Next, Preempt does the all-important work of looking for account compromise or the use stolen credentials within your network. Even the best password policy isn’t going to stop phishing attacks, spyware, or malware from harvesting and reusing credentials or tokens from a compromised user. Once again, Preempt does the continuous heavy lifting by constantly analyzing the behavior of all users, accounts and devices in the network to identify signs of compromise or breach. Once again, the responses to these behaviors can be fully automated. Which, brings us to our next point…
Getting Beyond the Password
While the latest NIST revisions are logical, practical, and welcomed, they are not a panacea. Passwords can only do so much on their own. Users will still need to remember multiple secret phrases, and will still get confused, and will still likely make small easy changes to compromised passwords (HumptyDumpty is cracked, why not HumptyDumpty1). And as mentioned above, passwords get stolen in a wide variety of ways. Even upwards of 30% of passwords that conform to Microsoft rules can be cracked in a short timeframe. The question for security teams is not how to establish a bullet-proof password policy, but rather how to bring additional context to situation and automate secure responses.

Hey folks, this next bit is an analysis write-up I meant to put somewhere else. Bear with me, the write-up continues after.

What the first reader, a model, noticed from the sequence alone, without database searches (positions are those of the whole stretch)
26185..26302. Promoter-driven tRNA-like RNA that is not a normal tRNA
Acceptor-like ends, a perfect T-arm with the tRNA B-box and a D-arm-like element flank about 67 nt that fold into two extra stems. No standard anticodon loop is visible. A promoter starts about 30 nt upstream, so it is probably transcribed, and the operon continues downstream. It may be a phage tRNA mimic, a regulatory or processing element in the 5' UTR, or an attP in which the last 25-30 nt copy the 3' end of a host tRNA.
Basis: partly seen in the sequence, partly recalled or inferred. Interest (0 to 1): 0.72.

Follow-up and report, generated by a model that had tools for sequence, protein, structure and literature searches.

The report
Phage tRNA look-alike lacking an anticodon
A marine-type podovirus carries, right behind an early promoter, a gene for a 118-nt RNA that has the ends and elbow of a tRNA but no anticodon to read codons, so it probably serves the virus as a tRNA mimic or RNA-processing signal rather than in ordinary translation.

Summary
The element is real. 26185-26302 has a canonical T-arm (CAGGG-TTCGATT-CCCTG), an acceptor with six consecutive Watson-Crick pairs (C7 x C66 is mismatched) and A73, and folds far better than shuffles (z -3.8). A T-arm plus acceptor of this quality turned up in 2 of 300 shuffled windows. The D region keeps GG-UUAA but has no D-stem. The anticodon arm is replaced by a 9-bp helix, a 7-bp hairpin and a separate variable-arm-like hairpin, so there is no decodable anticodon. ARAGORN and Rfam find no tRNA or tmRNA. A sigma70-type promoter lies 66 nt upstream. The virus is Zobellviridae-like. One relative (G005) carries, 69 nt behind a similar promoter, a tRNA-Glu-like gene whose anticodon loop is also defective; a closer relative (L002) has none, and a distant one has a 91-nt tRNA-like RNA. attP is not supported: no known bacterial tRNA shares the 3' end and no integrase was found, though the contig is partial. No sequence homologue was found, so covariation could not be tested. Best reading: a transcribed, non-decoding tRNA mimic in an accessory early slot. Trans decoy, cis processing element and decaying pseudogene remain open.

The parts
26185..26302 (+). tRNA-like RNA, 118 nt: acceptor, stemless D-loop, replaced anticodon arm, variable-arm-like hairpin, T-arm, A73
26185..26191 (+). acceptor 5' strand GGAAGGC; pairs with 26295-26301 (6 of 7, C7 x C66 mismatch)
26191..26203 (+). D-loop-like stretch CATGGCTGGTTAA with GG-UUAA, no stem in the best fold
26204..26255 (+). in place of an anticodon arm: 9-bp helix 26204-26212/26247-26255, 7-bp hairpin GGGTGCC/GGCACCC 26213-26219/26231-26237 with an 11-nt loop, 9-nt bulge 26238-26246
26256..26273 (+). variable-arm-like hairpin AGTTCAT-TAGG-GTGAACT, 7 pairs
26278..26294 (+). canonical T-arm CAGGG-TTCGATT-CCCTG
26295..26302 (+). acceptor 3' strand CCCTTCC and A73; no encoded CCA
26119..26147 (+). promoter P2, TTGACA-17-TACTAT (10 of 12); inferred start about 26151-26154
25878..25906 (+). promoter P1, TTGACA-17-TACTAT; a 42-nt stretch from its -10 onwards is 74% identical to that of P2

For example, if we notice that a user is beginning to behave irregularly, what is the appropriate response? His credential could be compromised and an attack may be in progress. On the other hand, we probably don’t want to lock out our users every time they do something unusual. This is a natural fit for a second factor of authentication. If a user acts strangely, we can automatically challenge the user to verify identity and then take the appropriate action in response. Preempt makes it easy to create policies for integrating multi-factor authentication into any application, and trigger those policies based on user, role, device being used, and a wide variety of other traits. Preempt also goes beyond these static rules to trigger responses based on the risk of the user’s observed behavior. This is where we can take into account unusual behavior by the user, the use of an unmanaged device, or signs of a potential compromise.
In this way we can let the password policy do its job without asking it to solve all things. We need good password policies, but we also have to monitor how our users and their credentials are being used live in our networks and automate the process so that security teams can focus on more important taks. Ideally those two things should work hand in hand.